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Title: An assessment of the effects of cross-border listing on firm’s financial performance. The case of Kenyan listed companies
Authors: Mugo, Robert Karungu
Keywords: Cross-border listing -- Firm’s financial performance
Issue Date: Sep-2010
Publisher: Egerton University
Abstract: The aim of the study was to identify the effects of cross-border listing on firm‟s financial performance of listed Kenyan-based companies on the East African Bourse. However, there is scanty empirical evidence on the effects of cross-border listing on a firm‟s financial performance since this is an emerging trend in developing economies. Every company requires funds to meet its financial obligations. The most common source of funds remains equity, which is raised through financial markets. As firms forge cross-border in investment lack of information on the factors that are worth addressing and the effects of expanding across the borders becomes a major constraint in strategic planning and predictable success of the firms. Thus, a need to identify constraints and effects of cross listing become instrumental in the global financial economy. Following on the above dilemma, this study had the main objective of determining the effects of cross listing on firm‟s financial performance by listed Kenyan companies. The study focused on cross-listed firms and a similar number of non cross-listed in similar sub-sectors. The non cross-listed were selected using purposive sampling method. The study covered the pre and post-listing financial performance of the firms two years before and after cross listing. Two of the cross-listed firms were excluded in the study because their duration was less than two years. Secondary data was collected and analyzed from published financial reports, which were obtained from Capital Markets Authority (CMA). Karl Pearson‟s correlation co-efficient and t test (one and two tailed) were used to test for relationships of the financial ratios computed. Most of the results were not statistically significant. Liquidity improved for most of the firms apart from the results of one; most had a t value greater than 3 and a p value less than 0.03. profitability of most firms also increased after they cross-listed. When firms raise capital through cross listing, their EPS reduces due to the dilution effect. From data analyzed, it was found that all firms in similar sub-sectors were highly interlinked since all had a correlation greater than 0.6. In all the cross-listed firms, the majority shareholders owned more than 25% but less than 49% of shares thus implying being associates. When firms cross-list, their P/E ratio increase; this could translate to goodwill that investors place on the firm thus having patience to wait for their returns. The findings of the study will be expected to help the investing public and decision makers to be more enlightened on cross listing issues. The study will also be expected to add knowledge on existing literature since much has not been done in this area.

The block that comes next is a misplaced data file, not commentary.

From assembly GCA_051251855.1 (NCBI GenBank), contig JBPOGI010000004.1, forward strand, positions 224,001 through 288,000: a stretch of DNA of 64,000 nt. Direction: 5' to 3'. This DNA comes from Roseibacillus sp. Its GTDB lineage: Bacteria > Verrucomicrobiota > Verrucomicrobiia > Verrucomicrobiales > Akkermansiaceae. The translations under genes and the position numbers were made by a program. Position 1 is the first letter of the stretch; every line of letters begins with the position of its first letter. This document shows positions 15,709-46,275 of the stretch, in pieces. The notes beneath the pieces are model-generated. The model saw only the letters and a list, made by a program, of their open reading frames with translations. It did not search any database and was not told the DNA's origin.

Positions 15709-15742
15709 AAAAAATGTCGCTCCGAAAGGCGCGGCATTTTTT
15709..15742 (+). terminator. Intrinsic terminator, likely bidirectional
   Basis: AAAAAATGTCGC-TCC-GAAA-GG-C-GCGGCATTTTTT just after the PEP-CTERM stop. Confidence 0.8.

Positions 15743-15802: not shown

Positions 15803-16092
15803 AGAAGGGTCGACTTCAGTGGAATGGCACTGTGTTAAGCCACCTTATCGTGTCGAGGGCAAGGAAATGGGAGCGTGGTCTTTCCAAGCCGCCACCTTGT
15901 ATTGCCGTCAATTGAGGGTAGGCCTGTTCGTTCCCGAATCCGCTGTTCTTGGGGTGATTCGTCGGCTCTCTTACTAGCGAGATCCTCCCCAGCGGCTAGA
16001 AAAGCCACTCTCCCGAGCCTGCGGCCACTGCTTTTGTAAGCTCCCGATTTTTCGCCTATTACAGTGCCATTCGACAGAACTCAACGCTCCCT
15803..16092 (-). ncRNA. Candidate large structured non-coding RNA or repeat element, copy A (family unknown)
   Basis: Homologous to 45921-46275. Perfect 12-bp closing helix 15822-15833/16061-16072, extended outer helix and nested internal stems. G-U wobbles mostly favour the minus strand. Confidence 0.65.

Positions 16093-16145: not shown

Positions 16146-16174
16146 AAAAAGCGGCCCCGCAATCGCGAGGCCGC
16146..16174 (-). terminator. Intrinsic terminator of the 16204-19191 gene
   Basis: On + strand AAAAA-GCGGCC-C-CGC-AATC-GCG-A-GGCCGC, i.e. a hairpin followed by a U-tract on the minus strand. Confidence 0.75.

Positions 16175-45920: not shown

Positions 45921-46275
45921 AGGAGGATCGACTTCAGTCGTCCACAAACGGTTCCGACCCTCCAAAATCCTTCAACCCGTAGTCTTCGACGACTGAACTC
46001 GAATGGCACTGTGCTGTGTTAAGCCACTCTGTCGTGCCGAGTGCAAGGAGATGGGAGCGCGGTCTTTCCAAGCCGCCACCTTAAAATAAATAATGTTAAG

Appears in Collections:Faculty of Commerce

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